Exclusive Events Project "Plus"

 

Scoping an event- Getting the Planning right : Week One

Scoping guidelines

As an event planner your role is critical to align the expectations of the client with the eventual event delivery. In doing so we deliver client satisfaction and becomes our loyal advocate - selling EXCLUSIVE EVENTS to others with high praise. In fact , any attendees of a successful event we deliver also become “sales people”.

On the other hand -mis-aligned expectation disappoint our customer. We potentially lose money in attempting to resolve disputes. Defining the scope is a neglected area in most of our events. It is however the foundation on which the schedule, budget and resource plans are built.

As an event planner these are the guidelines to follow to clearly align what the client wants with what our team can objectively deliver.


Meet with your client first and take time to listen carefully to their requirements. If you can go to the location and take photographs for the files for future reference.

Once you have undertaken that initial step -prepare you scoping document detailing clearly:

  • The high level processes that are involved and then the sub processes(there may be several).
  • What processes or activities are not included
  • What resources are required (including human, material and technological)

Take the time to workshop the scope with client and internal team to make sure there is a shared understanding.

The project scope document must be sent for review internally and to client to establish that there is no overlap with any other current / proposed event and that all relevant business units have been included and revised accordingly. Use version control for the documents.

The final scope document must be signed off by business and client to set the deliverables as the contractual obligations.

As an event planner your role is critical to align the expectations of the client with the eventual event delivery. In doing so we deliver client satisfaction and becomes our loyal advocate - selling EXCLUSIVE EVENTS to others with high praise. In fact , any attendees of a successful event we deliver also become “sales people”.

On the other hand -mis-aligned expectation disappoint our customer. We potentially lose money in attempting to resolve disputes. Defining the scope is a neglected area in most of our events. It is however the foundation on which the schedule, budget and resource plans are built.

As an event planner these are the guidelines to follow to clearly align what the client wants with what our team can objectively deliver.


Meet with your client first and take time to listen carefully to their requirements. If you can go to the location and take photographs for the files for future reference.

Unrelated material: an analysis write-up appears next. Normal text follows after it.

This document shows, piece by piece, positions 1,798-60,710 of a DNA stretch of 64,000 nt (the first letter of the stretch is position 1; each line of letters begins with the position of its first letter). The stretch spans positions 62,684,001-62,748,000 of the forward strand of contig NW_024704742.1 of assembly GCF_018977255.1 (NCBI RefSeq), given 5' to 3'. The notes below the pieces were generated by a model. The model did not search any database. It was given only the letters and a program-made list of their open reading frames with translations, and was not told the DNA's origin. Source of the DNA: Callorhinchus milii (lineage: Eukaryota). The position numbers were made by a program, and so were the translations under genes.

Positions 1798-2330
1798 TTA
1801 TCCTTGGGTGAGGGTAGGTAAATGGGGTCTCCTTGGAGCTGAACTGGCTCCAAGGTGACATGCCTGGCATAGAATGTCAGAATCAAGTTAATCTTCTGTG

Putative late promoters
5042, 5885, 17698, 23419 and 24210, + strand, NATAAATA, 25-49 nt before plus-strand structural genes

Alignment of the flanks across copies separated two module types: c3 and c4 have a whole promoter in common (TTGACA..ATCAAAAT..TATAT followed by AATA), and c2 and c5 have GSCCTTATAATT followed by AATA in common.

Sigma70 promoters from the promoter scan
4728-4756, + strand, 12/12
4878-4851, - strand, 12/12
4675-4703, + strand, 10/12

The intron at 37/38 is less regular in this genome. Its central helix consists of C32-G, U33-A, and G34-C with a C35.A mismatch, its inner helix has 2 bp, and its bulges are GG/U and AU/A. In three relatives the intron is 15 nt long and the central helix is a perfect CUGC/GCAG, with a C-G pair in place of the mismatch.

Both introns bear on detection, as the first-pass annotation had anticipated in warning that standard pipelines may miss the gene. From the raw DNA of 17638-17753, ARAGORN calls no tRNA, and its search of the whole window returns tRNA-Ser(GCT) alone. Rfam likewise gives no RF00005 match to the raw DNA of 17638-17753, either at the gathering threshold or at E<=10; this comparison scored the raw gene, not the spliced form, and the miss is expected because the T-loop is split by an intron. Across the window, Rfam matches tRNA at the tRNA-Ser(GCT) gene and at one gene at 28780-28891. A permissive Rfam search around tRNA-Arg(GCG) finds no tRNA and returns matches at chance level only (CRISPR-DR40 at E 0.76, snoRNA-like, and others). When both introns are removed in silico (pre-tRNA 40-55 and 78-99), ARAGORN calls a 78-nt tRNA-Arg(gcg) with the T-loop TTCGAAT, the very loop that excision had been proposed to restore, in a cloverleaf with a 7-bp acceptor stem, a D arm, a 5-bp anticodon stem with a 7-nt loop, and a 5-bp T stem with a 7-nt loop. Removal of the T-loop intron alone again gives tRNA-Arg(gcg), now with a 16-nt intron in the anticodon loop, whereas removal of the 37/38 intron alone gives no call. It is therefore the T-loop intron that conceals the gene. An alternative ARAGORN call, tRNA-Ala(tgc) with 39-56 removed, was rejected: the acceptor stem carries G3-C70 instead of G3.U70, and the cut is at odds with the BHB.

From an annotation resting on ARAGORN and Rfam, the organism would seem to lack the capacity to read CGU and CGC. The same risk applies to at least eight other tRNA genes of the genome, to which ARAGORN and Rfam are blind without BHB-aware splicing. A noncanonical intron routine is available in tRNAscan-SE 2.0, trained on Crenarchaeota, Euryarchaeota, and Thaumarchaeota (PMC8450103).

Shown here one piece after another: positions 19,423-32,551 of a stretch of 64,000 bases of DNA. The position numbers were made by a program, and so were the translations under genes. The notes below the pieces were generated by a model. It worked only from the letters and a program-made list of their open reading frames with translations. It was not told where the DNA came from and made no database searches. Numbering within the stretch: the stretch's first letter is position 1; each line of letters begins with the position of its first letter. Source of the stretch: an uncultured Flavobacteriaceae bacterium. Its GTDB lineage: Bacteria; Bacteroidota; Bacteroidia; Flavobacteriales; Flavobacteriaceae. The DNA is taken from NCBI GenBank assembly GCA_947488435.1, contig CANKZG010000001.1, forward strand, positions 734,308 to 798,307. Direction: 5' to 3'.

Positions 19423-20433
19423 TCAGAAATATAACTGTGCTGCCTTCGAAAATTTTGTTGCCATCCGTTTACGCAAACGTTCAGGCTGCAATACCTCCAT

Once you have undertaken that initial step -prepare you scoping document detailing clearly:

  • The high level processes that are involved and then the sub processes(there may be several).
  • What processes or activities are not included
  • What resources are required (including human, material and technological)

Take the time to workshop the scope with client and internal team to make sure there is a shared understanding.

The project scope document must be sent for review internally and to client to establish that there is no overlap with any other current / proposed event and that all relevant business units have been included and revised accordingly. Use version control for the documents.

The final scope document must be signed off by business and client to set the deliverables as the contractual obligations.

Planning a project 

Watch the video to get some quick ideas on planning



Example of a wedding scope

laurel-wedding-planning-scope-statement

To create the best plan for an event is necessary to meet with the client:

  • After the internal business units have compiled the first version of the plan
  • Before the internal business units start compiling the first version of the plan
  • At a meeting when you business units have compiled a "best version" for the customer to sign off
  • The client should be part of every meeting preparing the plan

Creating the best project plan : Week Two

Planning and scope

laurel-wedding-planning-scope-statement

Preparing a project plan from a scope

Using the scope for the wedding - draft a plan to present to our internal team

Draft a plan using the scope for our own event team